Army Major and Wife Plotted to Leak Sensitive Information to Russia

Johns Hopkins doctor and Army doctor spouse charged with conspiring to give U.S. soldiers’ medical info to Russia – NBC News

According to the Justice Department, a former U.S. Army major and his wife, an anesthesiologist for Johns Hopkins Hospital, have been charged with conspiring to give sensitive healthcare information of military persons to Russia. According to reports, they felt loyalty to Russia and wanted to help the cause after Russia invaded Ukraine.

The former army major, Dr. Jamie Lee Henry, and his wife, Dr. Anna Gabrielian, were indicted in federal court in Maryland for conspiring and disclosing the health information of soldiers at Fort Bragg in North Carolina. The couple is accused of conspiracy and wrongful disclosure in an unsealed indictment.

Last month, according to an unsealed indictment, Major Jamie Lee Henry, and Dr. Anna Gabrielian, allegedly provided highly sensitive healthcare information to an undercover FBI agent they believed to be with the Russian Embassy.

As one of the first known active-duty officers to come out as transgender, Henry was all over headlines back in 2015, though the indictment refers to him throughout as “he.” According to reports, Henry had secret security clearance as a staff internist at Fort Bragg. His wife, Gabrielian, is an anesthesiologist employed by The Johns Hopkins Hospital in Baltimore.

According to the indictment, the couple provided health information about several people during a meeting with the agent in Gaithersburg, Maryland. Gabrielian provided the agent with information on “the spouse of a person employed by the Office of Naval Intelligence,” she even “highlighted a medical issue in their records that Russia could exploit,” the indictment stated.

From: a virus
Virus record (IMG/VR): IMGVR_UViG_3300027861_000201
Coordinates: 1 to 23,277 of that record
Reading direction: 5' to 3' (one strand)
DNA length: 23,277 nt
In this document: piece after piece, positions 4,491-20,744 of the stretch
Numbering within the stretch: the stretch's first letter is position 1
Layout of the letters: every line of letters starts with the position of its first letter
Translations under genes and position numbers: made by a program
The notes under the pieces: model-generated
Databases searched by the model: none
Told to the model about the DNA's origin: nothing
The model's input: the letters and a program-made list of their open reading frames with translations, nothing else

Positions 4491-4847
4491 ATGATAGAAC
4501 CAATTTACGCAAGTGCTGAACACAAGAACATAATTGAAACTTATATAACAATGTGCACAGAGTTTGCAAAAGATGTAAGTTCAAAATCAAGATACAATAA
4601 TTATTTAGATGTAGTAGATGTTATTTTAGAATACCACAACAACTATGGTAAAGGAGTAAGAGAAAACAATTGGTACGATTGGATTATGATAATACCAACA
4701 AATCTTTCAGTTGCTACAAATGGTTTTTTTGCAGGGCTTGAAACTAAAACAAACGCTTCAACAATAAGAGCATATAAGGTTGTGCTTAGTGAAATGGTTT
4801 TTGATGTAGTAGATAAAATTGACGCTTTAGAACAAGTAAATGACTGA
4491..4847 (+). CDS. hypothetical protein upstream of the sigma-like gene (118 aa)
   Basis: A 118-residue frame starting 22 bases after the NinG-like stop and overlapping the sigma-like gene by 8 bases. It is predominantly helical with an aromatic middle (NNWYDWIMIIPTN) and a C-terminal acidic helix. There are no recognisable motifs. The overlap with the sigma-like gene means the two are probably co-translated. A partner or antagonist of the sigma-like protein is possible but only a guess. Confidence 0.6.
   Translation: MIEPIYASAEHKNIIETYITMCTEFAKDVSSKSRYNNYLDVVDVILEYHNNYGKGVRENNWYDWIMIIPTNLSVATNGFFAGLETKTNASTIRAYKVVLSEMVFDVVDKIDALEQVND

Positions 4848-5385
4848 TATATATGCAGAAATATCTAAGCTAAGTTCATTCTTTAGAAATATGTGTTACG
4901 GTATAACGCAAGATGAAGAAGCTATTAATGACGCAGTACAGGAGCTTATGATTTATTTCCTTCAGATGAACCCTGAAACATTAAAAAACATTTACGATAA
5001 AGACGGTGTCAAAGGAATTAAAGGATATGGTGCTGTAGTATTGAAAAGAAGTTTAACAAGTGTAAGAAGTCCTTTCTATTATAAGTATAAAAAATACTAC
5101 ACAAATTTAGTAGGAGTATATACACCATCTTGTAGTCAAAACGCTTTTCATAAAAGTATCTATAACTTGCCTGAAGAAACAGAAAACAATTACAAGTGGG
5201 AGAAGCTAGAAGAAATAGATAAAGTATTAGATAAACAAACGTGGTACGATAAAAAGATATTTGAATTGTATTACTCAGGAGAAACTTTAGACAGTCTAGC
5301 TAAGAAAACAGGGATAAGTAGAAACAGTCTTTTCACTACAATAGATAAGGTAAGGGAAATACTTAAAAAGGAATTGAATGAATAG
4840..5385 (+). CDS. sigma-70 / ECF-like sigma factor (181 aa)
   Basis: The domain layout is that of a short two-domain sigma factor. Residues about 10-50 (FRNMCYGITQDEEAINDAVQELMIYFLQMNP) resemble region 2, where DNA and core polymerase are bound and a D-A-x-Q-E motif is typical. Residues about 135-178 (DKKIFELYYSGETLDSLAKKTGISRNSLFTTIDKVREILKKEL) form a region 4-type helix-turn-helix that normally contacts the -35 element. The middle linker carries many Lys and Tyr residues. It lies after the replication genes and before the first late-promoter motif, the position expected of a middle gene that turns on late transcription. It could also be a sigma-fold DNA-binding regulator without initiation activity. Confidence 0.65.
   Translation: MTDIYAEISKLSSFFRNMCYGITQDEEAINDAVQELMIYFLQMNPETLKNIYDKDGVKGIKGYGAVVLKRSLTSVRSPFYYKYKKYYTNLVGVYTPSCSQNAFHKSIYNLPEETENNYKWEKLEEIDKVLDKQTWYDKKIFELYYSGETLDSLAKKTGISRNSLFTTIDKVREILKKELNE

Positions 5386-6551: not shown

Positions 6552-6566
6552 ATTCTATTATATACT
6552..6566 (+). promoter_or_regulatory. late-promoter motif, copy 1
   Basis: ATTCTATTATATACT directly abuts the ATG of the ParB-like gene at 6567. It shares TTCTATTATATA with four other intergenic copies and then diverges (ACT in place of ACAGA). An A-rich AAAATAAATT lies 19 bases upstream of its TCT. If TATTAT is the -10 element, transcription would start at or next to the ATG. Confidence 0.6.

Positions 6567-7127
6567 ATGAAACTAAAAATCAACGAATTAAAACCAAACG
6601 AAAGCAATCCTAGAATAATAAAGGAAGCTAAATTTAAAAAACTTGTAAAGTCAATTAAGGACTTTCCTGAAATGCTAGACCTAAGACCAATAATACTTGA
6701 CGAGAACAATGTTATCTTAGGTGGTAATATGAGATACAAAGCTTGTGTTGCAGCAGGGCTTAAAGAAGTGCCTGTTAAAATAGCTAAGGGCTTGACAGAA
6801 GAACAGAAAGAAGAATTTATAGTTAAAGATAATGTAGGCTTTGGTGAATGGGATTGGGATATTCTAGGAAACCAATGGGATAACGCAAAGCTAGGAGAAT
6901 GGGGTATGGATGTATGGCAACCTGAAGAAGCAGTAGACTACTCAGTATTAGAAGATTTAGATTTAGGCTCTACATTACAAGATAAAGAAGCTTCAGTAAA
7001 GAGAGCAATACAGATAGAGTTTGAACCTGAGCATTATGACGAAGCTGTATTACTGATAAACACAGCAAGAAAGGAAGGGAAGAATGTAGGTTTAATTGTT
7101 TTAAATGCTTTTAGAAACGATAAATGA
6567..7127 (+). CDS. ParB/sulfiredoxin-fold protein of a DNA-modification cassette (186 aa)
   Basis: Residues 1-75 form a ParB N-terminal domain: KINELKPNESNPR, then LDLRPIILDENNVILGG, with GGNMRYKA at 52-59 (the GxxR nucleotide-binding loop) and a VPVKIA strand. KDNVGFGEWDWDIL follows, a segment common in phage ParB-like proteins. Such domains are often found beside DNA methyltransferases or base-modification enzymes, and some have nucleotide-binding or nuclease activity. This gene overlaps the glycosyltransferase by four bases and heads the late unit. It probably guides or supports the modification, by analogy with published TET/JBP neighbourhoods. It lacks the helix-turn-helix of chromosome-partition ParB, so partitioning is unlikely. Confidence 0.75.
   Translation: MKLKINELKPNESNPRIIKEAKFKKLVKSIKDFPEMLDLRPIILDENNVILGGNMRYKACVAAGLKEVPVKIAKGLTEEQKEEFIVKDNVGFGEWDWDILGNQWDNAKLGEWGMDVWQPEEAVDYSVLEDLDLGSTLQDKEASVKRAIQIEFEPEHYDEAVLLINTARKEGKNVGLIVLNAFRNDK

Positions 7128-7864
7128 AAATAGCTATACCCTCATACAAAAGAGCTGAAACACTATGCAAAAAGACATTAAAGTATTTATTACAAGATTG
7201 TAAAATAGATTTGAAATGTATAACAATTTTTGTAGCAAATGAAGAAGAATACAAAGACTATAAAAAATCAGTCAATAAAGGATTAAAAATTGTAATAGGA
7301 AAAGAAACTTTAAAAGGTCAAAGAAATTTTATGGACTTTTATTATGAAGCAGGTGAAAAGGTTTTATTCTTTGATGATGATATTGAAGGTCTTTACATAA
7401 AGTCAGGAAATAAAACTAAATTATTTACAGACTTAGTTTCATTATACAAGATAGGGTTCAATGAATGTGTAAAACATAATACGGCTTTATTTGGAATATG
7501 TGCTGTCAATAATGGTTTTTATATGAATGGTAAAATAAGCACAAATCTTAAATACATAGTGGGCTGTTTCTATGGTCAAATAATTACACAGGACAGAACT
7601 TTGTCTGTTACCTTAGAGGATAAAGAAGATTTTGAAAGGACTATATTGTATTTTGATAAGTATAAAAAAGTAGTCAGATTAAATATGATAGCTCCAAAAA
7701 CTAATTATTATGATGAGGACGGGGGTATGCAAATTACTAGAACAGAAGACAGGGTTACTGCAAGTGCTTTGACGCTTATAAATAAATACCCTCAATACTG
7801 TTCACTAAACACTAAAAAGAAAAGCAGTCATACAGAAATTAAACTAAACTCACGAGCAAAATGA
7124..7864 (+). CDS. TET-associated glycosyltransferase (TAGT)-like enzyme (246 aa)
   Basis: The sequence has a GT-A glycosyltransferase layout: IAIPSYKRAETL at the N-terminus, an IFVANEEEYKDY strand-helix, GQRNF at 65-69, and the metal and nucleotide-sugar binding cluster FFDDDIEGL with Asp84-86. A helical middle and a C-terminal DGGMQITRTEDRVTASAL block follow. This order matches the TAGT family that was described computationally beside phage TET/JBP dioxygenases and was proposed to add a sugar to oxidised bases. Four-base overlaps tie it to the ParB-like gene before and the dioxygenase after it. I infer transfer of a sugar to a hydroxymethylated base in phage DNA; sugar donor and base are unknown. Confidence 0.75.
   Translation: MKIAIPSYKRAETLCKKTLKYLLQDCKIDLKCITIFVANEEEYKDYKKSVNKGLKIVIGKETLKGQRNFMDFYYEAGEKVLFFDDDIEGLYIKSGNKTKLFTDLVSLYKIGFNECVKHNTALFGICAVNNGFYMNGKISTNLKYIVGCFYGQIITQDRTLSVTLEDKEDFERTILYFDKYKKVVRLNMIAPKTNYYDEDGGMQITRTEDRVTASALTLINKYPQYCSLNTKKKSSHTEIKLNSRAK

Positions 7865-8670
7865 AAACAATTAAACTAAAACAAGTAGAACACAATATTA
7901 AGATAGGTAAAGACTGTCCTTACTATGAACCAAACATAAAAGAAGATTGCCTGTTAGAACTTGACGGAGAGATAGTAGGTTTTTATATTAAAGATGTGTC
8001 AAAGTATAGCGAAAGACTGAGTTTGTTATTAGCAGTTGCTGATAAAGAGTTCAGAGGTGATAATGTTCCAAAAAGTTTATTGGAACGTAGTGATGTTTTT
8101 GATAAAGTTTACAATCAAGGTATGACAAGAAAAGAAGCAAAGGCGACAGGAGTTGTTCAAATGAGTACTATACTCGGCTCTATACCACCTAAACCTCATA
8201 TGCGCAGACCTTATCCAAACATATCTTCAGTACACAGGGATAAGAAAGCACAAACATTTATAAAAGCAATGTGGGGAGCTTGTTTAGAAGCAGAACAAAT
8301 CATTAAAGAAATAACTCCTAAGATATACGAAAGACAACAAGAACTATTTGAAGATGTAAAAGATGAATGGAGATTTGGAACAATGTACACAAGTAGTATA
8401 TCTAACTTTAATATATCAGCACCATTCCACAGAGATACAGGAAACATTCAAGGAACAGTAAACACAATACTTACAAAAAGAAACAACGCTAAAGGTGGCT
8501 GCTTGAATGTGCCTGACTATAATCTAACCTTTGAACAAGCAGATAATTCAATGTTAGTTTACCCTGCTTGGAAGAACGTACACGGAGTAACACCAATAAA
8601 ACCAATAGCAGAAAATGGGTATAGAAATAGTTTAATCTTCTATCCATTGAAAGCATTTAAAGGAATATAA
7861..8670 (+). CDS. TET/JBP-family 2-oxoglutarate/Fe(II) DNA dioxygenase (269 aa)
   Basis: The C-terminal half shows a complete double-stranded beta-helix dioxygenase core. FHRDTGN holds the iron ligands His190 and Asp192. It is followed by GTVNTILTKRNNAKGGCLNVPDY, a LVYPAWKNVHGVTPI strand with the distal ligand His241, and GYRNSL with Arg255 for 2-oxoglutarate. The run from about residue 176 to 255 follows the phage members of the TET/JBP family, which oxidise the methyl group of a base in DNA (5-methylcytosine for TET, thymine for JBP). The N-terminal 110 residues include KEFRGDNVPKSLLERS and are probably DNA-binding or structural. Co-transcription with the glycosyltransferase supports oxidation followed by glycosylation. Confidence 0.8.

Henry had strong feelings on the Russian-Ukraine war. He allegedly told the agent, “The way I am viewing what is going on in Ukraine now is that the United States is using Ukrainians as a proxy for their own hatred toward Russia.”  Accordinf tothe indictment, Henry also allegedly said, “My point of view is until the United States actually declares war against Russia, I’m able to help as much as I want. At that point. I’ll have some ethical issues I have to work through.”

Gabrielian’s loyalty was to Russia. She allegedly shared with the undercover FBI agent during a meeting on Aug. 17 that “she was motivated by patriotism toward Russia to provide any assistance she could to Russia, even if it meant being fired or going to jail,” the indictment stated.

Henry and Gabrielian could receive a maximum sentence of 10 years in prison if convicted of conspiracy and a maximum of five years if convicted of disclosing personally identifiable health information.